4'000 Stars and counting, a trip down memory lane

A trip down memory lane & the history of Docker, Compose and monitoring w/ Docker & Prometheus. Along the way, I discovered an amazing community.

4'000 Stars and counting, a trip down memory lane
Photo by Clarisse Meyer / Unsplash

I was lucky enough to be one of the first people to embark on the Docker journey to try and containerize a monitoring stack in 2014. I became aware of Docker in early 2014 and spent months figuring out how it worked and in engineers' DM's fixing bugs and asking tons of questions. There were just a handful of people in a chat at this time, and the community was so small we knew everyone.

As a bit of a monitoring and data geek, I was tasked with building a more adaptable monitoring solution for our new Cloud venture in 2014. Initially, I was trying to rebuild current monitoring solutions in a Docker container like Nagios before it was container-friendly, Centreon, Piwik analytics, and many other tools that were not really solving my problem. I stumbled onto InfluxDB with Grafana but quickly realized it didn't meet our use case.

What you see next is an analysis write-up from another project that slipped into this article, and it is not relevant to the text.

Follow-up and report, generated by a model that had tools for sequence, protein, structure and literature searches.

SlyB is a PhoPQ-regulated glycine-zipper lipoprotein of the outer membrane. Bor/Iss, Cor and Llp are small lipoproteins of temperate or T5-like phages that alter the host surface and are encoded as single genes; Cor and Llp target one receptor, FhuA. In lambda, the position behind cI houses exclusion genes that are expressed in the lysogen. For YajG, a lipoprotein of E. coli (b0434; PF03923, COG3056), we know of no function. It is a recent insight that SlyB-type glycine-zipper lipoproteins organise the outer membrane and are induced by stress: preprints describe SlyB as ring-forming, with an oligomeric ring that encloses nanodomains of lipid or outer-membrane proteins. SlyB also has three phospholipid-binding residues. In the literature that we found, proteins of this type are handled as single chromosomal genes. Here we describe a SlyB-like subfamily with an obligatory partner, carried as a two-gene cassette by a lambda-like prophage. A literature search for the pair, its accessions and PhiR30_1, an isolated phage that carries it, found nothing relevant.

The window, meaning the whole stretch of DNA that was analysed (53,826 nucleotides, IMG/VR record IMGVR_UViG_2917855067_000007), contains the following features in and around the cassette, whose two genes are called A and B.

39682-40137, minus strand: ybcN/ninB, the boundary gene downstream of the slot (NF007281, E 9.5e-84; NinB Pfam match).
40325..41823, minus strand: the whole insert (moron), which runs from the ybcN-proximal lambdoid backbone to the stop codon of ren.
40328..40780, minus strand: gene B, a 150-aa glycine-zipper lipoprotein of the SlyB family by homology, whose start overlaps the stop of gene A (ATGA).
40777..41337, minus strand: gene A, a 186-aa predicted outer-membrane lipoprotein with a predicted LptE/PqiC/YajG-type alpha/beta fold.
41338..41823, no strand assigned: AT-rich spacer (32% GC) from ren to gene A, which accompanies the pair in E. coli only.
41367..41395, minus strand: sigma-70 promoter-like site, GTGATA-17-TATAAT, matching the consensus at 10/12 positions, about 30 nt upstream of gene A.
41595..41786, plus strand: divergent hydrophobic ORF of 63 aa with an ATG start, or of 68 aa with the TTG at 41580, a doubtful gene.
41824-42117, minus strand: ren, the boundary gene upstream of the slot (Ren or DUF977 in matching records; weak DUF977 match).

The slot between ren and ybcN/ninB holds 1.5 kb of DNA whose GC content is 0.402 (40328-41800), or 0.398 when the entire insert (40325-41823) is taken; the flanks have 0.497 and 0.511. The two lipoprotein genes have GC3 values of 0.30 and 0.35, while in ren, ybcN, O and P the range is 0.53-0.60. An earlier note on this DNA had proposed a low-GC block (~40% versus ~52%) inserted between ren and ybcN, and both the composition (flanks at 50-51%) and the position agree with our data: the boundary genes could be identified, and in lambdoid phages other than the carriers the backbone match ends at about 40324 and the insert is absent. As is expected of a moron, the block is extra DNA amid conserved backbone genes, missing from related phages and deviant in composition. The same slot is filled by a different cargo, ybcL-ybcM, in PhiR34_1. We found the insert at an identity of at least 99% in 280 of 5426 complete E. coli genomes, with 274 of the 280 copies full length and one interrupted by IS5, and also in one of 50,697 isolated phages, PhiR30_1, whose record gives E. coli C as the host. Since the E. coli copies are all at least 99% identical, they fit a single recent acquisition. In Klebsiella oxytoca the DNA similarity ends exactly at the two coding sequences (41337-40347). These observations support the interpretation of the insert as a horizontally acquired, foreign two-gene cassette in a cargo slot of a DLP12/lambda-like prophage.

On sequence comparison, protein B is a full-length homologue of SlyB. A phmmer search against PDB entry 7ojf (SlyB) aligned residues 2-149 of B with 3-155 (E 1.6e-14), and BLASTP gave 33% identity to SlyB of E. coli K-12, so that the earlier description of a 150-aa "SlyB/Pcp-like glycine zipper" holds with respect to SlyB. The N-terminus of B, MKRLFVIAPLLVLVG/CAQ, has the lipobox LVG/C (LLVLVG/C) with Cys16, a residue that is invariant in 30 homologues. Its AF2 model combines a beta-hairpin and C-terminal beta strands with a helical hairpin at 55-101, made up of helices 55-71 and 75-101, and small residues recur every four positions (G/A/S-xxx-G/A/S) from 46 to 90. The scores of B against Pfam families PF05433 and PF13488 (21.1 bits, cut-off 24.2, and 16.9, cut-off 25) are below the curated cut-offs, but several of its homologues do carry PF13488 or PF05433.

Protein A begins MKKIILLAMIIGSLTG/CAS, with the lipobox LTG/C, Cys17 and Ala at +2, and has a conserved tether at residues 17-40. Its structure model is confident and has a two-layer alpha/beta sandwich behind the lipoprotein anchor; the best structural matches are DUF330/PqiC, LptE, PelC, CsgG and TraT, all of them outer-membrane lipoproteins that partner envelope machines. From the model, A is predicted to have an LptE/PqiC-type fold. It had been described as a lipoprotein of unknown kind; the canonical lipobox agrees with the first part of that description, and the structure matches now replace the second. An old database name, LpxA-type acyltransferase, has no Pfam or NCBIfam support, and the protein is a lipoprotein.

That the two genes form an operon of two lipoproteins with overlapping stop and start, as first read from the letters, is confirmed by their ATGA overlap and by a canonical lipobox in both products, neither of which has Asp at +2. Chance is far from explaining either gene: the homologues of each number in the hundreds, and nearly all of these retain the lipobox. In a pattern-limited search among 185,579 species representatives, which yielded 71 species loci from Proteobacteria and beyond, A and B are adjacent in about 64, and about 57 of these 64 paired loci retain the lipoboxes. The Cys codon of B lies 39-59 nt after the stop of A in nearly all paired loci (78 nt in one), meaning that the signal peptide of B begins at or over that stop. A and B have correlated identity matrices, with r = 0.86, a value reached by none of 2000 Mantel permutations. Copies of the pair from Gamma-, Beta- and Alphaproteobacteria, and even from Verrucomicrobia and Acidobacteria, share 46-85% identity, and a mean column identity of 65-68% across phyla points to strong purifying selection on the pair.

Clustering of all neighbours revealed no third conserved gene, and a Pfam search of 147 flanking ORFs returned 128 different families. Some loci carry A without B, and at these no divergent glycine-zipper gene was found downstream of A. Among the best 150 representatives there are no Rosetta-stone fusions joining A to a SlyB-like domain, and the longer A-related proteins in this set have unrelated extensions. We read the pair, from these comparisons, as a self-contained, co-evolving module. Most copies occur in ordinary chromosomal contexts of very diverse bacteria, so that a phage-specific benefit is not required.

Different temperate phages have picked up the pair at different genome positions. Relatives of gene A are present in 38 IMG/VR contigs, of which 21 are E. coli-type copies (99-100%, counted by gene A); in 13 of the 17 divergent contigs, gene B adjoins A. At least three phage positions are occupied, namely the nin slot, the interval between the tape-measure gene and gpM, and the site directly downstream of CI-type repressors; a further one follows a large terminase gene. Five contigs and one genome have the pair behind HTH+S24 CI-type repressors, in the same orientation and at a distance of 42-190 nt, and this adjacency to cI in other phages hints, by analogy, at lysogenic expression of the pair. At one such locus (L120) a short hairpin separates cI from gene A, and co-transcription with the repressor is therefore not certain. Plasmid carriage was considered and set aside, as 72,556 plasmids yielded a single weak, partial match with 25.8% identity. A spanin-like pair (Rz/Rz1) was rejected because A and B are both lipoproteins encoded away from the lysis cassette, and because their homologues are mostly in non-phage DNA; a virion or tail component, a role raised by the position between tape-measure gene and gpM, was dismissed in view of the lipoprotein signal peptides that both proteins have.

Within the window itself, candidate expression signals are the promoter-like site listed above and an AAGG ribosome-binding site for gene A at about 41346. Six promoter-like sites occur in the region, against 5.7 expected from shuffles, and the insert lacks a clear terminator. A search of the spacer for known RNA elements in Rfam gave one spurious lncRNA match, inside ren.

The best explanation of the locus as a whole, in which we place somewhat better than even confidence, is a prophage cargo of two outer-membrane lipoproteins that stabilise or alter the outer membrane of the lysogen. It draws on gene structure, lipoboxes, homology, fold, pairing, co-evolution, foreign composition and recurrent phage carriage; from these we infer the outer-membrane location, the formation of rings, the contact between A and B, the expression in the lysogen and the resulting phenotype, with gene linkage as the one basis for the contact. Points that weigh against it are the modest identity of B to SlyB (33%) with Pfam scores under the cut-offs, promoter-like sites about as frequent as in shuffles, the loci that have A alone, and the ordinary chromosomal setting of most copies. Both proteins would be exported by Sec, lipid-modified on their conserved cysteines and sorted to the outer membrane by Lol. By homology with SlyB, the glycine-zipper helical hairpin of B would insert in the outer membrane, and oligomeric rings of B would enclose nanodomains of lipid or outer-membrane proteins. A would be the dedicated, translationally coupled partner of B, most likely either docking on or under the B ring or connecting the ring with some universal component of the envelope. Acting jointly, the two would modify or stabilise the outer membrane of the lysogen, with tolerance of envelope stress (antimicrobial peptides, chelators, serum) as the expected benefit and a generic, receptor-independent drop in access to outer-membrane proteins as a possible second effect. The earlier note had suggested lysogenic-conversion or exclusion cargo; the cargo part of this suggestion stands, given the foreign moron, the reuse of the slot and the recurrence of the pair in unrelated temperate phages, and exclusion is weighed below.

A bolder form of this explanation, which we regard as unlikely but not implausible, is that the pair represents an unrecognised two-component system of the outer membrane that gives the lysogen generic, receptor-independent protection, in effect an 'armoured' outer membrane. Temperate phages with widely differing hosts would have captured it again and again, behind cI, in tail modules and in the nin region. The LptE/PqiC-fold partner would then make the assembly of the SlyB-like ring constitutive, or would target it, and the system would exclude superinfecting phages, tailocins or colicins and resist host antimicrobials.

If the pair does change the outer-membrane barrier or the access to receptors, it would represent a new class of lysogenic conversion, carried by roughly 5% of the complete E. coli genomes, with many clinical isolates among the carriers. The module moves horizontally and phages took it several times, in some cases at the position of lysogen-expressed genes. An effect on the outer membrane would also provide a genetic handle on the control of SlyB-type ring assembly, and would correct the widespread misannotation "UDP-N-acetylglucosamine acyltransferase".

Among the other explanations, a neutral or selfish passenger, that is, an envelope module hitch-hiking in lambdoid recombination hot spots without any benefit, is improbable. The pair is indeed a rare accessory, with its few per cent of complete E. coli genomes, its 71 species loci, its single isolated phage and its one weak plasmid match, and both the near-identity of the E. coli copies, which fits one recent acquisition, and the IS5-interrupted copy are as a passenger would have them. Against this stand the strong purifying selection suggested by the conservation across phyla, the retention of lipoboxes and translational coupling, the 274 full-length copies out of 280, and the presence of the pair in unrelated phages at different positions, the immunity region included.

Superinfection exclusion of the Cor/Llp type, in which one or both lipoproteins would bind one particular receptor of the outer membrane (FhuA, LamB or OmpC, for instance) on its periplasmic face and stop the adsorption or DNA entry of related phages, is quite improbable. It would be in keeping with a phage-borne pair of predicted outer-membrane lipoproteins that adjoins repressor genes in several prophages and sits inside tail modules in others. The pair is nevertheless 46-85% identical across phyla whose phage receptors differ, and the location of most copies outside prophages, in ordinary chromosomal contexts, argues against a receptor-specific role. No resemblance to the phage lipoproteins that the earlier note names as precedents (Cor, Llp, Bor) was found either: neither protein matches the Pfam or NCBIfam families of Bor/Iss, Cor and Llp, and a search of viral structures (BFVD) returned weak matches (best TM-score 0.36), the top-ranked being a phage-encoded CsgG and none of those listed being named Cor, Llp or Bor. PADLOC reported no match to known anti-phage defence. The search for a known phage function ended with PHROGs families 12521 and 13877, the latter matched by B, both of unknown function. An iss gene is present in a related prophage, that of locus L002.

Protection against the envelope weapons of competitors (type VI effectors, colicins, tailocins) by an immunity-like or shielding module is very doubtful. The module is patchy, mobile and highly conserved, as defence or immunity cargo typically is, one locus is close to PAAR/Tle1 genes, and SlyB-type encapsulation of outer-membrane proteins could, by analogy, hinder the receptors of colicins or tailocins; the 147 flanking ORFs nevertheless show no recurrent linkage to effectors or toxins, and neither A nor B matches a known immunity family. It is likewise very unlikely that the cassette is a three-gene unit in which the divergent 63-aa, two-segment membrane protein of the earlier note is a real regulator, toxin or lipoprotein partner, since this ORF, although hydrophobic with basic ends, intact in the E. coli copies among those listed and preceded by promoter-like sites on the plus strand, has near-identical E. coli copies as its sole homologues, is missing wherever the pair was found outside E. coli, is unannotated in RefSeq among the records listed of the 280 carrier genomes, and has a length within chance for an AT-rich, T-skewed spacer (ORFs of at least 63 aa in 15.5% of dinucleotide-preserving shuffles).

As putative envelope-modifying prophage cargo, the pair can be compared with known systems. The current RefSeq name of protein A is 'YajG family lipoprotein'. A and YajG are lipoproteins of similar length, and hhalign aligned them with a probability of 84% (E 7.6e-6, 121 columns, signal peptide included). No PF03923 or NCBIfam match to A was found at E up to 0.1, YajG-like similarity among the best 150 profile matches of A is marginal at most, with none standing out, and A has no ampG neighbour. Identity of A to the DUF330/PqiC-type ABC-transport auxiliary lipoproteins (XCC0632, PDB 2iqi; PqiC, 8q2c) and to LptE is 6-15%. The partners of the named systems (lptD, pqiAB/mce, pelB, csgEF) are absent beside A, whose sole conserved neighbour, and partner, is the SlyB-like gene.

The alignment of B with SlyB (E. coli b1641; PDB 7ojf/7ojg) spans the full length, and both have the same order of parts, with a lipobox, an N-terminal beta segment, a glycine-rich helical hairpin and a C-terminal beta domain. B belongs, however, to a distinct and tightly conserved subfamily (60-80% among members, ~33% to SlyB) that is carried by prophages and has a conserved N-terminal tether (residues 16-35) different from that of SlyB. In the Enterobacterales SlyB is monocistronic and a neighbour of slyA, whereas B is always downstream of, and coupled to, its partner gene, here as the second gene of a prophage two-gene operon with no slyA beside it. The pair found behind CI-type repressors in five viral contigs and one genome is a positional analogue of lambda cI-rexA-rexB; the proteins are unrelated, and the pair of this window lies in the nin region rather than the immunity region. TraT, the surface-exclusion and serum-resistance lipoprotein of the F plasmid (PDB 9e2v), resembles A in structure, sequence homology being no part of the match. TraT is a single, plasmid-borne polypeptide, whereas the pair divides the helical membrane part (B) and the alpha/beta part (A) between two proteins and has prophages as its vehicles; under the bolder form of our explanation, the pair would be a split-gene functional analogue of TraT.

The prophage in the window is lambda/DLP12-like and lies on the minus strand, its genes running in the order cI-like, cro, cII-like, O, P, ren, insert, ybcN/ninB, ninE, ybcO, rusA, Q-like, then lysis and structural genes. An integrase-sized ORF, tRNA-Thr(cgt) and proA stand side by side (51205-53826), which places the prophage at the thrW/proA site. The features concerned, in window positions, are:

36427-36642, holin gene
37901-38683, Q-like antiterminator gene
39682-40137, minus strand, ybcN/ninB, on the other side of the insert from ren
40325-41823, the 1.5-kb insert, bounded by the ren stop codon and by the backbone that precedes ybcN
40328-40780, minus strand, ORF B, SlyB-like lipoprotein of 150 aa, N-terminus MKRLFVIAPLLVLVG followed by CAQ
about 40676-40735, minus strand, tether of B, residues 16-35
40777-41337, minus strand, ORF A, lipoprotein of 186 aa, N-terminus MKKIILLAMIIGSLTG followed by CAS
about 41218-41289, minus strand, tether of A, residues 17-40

After much trial and error with different tools, I stumbled upon the Soundcloud infrastructure blog and how they were building a time-series monitoring tool written in Go using a microservice architecture. At the time, this seemed so far advanced and far-fetched that it didn't even seem real. Here's the blog post, if I'm not mistaken, that kicked off Prometheus to the public - https://developers.soundcloud.com/blog/prometheus-monitoring-at-soundcloud

First was containerizing all things.

Back in 2014, believe it or not, this was pre-orchestrator times. Most people were stringing together a bunch of single Docker run commands with bash scripts and trying to "orchestrate" containers with bash.

Luckily in 2015, a company named Orchard was busy building the first Docker container orchestrator called "fig". Fig was an absolutely amazing tool. You can write some weird code called YAML which I have never seen before this point in time, and basically, string together all your Docker run commands into a single file allowing you to build microservices into a single file...

A single file for Docker run commands == Mind Blown